from The Century Dictionary.

  • noun A spring formed in the bolt of a lock by cutting a longitudinal slit near its upper edge, thus leaving a strip of unsupported metal which by elastic pressure springs the bolt into its place when it is left by the key.
  • noun The spring at the rear of the body of a vehicle; specifically, a C-spring which rides up at the back of the carriage, the body of the latter being suspended from the forward end.
  • noun A spring backward.


Sorry, no etymologies found.


  • Nor will I forget that back-spring she used to do, off her finger-ends.

    The Bull From The Sea

  • I was unable to see what weapon the Cockney used, but he struck behind him as he almost turned a back-spring, fell and lay still.


  • "The A 1 double-action, back-spring, copper-fastened, broad-gauge telegraph line from here to the moon!"

    What Might Have Been Expected

  • The haft came away in my hand; and as I passed my thumb over the end of it, I could perceive that the blade had snapped off close to the end of the back-spring, so that not even the tenth of an inch of it was left in the handle.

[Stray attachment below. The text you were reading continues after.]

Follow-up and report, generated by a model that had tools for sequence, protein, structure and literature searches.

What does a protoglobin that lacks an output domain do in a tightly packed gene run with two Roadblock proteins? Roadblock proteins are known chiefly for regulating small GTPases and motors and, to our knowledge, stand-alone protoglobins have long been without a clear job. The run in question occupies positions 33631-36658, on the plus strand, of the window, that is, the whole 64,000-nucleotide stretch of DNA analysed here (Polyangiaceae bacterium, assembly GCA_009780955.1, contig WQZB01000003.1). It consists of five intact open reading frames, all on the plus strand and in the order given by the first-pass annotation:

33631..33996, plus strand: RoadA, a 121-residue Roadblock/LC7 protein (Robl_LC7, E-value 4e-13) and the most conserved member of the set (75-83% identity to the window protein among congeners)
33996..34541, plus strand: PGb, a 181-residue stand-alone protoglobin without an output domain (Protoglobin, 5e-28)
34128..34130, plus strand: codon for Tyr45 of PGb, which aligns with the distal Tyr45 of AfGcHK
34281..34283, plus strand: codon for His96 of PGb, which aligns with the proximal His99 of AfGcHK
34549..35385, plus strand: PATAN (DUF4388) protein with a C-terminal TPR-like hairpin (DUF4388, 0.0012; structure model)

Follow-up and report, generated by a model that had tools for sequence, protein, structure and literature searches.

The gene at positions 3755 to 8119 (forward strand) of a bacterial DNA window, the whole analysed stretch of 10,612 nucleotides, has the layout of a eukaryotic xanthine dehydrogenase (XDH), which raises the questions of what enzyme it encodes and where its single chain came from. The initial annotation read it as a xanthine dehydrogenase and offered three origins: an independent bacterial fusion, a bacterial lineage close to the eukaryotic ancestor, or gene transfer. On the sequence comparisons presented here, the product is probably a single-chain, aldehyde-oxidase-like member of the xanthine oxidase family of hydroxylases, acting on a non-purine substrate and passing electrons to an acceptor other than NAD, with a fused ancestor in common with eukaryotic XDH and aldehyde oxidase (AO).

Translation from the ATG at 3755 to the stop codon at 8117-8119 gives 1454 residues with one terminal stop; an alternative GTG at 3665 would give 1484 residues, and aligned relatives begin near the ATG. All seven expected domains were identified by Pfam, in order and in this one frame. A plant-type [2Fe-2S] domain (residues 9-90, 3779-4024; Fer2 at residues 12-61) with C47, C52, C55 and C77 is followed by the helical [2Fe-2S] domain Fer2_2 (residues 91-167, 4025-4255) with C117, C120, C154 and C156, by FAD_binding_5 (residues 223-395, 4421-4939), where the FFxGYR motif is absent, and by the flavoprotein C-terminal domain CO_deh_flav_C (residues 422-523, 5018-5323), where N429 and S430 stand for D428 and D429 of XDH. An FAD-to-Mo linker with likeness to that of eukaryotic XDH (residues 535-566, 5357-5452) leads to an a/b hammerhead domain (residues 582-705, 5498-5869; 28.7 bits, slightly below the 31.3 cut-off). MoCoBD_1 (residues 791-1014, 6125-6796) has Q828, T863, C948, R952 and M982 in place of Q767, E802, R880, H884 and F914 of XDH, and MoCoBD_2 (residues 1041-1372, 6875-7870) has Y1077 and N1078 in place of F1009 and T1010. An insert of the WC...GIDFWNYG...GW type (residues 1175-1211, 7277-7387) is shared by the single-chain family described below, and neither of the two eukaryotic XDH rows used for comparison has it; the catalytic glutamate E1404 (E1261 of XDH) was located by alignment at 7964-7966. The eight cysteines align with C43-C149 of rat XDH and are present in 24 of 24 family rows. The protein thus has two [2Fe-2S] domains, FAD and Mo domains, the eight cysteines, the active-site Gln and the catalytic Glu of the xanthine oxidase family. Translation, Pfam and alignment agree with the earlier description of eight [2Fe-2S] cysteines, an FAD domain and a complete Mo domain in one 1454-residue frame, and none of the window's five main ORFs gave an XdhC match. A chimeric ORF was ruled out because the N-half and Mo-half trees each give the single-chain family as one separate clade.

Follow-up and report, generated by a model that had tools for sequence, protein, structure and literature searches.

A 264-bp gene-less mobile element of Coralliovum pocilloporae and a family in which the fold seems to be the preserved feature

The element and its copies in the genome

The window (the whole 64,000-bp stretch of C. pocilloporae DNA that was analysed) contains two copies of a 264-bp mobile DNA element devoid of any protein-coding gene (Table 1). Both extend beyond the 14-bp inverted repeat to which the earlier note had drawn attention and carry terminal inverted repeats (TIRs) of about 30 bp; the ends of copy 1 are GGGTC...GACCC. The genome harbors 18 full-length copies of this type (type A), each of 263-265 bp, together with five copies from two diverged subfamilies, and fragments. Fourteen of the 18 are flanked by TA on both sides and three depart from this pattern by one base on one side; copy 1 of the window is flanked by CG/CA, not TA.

The Boy Tar

  • But I had nothing to draw the well-riveted nail, and the back-spring resisted all my efforts to detach it.

    The Boy Tar

  • It is true I entertained it at first, but I soon discovered a difficulty not to be got over; and that was the removal of the back-spring.

    The Boy Tar

  • Well, having opened the knife, and drawn my fingers along the blade, and felt it over and over again, in order to get acquainted with its form and fitness; and then, having examined the back-spring, and tried its strength by various openings and shuttings: having done all this, I went to work upon the hard oak.

    The Boy Tar


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